Sunday, August 26, 2007

I've been busy...

...chasing a Rhode Island Red and knitting. Chickens first: One of the young hens has become an escape artist. Just about every day, we find her out of the coop running all over the country side. And she is fast. We've barricaded every nook and cranny and she still makes it. Other than sitting outside and waiting for her escape, we think she simply flies out of the enclosure. I've retied the netting we had over the enclosure last year. That did keep her in for one day, but today she was out again. So tomorrow we'll put some chicken wire over the small area that is not covered. Of course, once she is out she wants to get back in again by sticking her neck through the fencing, but she's grown too big. You'd think if she can fly out, she could fly back in. But nooo we can't do that because we like being chased around the yard. What has my life come to? Being entertained by chickens. Don't answer that; it is only a rhetorical question.

Knitting second: I've finally put the ends away and washed the pair of socks I had knitted. I used an old ball of Opal sock yarn; since it no longer had a label, I have no idea what the pattern was called. But the yarn is a deep plum and black. The pattern I used was Anastasia from
The pattern is quite simple and can be adjusted to just about any size. On top of that, it complements a busy yarn. Unfortunately the URL does not seem to work any longer (at least not for me).

This sock had everything I don't normally do: Toe-up and short-row heel. The next time, if there is one, I will start the toe with less stitches, since the toe section is too wide and not deep enough. I chose 12 stitches because that's what I normally have when it's time to do the Kitchener stitch. I will try 8 stitches the next time. I also don't particularly like the short row heel. I have a rather high arch and the heel never seems long enough. I did try the heel that was in the pattern, but it was way off. I did modify the pick up of the wraps when the second part of the heel is made. Most instructions tell you to pick up both wraps. I've always found this too cumbersome and leaving a little bump. Therefore, I only picked up the bottom most wrap. This made a pretty neat looking heel.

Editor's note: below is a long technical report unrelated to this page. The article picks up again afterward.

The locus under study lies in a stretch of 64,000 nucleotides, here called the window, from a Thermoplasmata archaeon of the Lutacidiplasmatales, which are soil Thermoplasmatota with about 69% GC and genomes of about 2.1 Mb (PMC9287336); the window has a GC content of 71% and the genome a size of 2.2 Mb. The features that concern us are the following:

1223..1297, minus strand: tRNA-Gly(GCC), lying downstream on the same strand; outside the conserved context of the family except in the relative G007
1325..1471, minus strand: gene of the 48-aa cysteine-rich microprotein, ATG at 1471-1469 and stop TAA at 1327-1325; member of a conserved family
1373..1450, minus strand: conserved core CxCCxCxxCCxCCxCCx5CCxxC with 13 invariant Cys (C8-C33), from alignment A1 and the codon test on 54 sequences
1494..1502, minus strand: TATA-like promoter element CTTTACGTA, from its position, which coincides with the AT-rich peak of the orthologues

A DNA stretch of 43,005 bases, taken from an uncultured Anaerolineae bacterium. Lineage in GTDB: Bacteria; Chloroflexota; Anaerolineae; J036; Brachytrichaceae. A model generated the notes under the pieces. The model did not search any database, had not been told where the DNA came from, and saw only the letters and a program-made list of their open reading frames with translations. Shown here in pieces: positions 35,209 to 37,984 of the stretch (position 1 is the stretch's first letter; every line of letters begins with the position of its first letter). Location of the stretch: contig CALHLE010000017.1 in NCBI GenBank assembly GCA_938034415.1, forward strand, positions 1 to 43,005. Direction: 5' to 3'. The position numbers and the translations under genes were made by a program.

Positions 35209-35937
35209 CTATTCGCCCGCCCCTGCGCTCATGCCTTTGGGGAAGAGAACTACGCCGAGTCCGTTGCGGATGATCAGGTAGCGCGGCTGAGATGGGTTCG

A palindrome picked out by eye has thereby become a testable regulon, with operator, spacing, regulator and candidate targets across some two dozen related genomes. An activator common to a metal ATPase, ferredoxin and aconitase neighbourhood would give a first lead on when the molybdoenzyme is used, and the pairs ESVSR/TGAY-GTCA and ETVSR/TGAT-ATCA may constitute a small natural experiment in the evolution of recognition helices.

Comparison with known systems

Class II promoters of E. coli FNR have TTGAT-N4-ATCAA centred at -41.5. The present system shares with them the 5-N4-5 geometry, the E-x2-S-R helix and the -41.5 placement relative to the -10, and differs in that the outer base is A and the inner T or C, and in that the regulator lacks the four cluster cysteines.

Pattern : y/o, ssk, yo, ssk with 11 knit stitches in between and offset by one stitch every other row so that the pattern spirals.

Short row heel

The "shawlette" or scarf I've been knitting with Brown Sheep yarn is finished. I still need to wash and block it as soon as my aching back allows me to, or, alternately, buy a blocking board that I can put on my kitchen table. Me thinks the second option is a better solution.

I've also started another scarf with Knit Picks Shadow lace yarn. The color is Campfire. The pattern is called Honeycomb and is from the yahoo group "weihnachtsgeheimnis" (Christmas secret). OK folks, don't laugh at me. What can I say? It takes a Yahoo group to get me started early on Christmas presents. My normal MO is to do my Christmas shopping on December 24, so I think I'm doing really well.

Upcoming projects: The Icelandic lace shawl from an old Piecework issue which has been republished on Interweave's Knitting Daily web site. The yarn is ordered. And it'll be all mine for the cold winter which will surely come to Michigan and the Cherry Blossom Shawl from Interweave Knits Spring 2002 issue. And, this is the yarn I will use for the Cherry Blossom Shawl, courtesy of Poppy Yarns, aka my daughter.

Well folks I've bored you long enough. So "Knit on!"

Tuesday, August 21, 2007

My daughter, Angie, gave me a present the other day--over 100 grams of hand spun, hand dyed sock yarn. Isn't it gorgeous? She has finally decided to name her yarns Poppy Yarn. I haven't found the right pattern yet, but it will come and then I'll have a luscious, soft and warm pair of socks. While she hasn't said yet anything on her blog, she sold quite a bit of her hand spun, hand dyed yarn at the Michigan Fiber Festival. Good job, Angie, and lots of success with your yarn endeavor.

I've also laid my paws on a skein of the newest hand dyed Opal yarn, named Autumn Melody. I found it on E-Bay at a reasonable price, no less. Have a look at her sock yarns. All I can do is sigh and hold on to my billfold. The store's name is

Isn't it absolutely gorgeous? I have already found a pattern for the yarn. The pattern can be found here for free: